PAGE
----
Both Exxon Mobil and BP’s official websites devote pages to stakeholders, but the language they use is very different. BP encourages dialogue with stakeholders and actively seeks out opinions from stakeholders of all levels. This provides customers, shareholders, employees, and other stakeholders an opportunity to voice their concerns about climate change and BP’s decisions regarding renewable energy. Exxon approaches relationships with stakeholders from the perspective of maintaining stability.

For example, while BP says they “use a variety of methods to communicate with and listen to our customers, including interviews, surveys, feedback tools and marketing surveys,” Exxon says its goal in regard to customer relations is simply to “provide trusted, quality products” using strategies such as “packaging optimization.” Exxon Mobil’s approach to stakeholder relations lends itself to safer decisions for the company, but not necessarily for the environment or the people who live in it. As a result, Exxon Mobil continues to develop its oil and gas resources, while BP invests in renewable energy.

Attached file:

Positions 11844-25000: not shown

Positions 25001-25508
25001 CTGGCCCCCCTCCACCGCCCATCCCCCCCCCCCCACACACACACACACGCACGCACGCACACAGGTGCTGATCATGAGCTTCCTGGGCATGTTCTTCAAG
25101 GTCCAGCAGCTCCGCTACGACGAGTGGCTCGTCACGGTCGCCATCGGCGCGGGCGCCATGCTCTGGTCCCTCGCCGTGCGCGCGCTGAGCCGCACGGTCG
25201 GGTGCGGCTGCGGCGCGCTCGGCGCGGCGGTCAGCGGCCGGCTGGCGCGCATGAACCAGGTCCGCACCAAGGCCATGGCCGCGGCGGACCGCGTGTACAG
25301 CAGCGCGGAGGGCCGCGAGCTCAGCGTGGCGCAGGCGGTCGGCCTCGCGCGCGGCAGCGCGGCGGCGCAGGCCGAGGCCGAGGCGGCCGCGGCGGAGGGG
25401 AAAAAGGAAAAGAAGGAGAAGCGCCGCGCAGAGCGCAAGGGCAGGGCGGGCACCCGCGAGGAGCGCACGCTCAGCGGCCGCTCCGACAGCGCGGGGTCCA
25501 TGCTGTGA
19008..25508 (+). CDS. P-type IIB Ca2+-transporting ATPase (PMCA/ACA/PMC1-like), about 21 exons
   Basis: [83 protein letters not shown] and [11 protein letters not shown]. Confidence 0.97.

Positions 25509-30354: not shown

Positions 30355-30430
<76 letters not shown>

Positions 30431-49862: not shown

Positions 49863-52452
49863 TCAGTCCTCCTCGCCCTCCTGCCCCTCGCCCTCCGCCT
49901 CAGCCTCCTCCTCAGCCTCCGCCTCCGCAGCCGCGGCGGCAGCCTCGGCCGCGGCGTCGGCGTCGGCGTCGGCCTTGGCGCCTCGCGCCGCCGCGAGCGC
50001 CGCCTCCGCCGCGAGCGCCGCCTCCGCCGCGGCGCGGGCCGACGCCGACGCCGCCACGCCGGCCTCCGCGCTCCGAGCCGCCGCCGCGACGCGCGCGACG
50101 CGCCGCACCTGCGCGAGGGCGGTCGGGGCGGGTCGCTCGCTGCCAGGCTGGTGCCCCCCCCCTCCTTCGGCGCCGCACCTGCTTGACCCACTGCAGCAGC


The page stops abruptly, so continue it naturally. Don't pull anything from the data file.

The aftermath of the 1989 Exxon Valdez spill and the 2010 Deepwater Horizon spill shaped the way the two corporations present themselves.

After the Exxon Valdez spill, Exxon Mobil was slow to make a statement about the spill and gave the media limited information. Though BP also fumbled somewhat in its dealings with the media after the Deepwater Horizon spill, the company chose to present the message that the incident was an impetus for change for the company.

BP’s response was no doubt influenced by the backlash against Exxon in 1989. Since the Exxon Valdez spill, Exxon Mobil has been labeled a “bad” company by environmental groups and has not made an effort to change this image. BP, on the other hand, chose to use the spill aftermath as an opportunity to say that they could change and were, in fact, a good company. Exxon Mobil’s label as a bad company and BP’s label as a good company influenced the way they approach the challenges of climate change and renewable energy.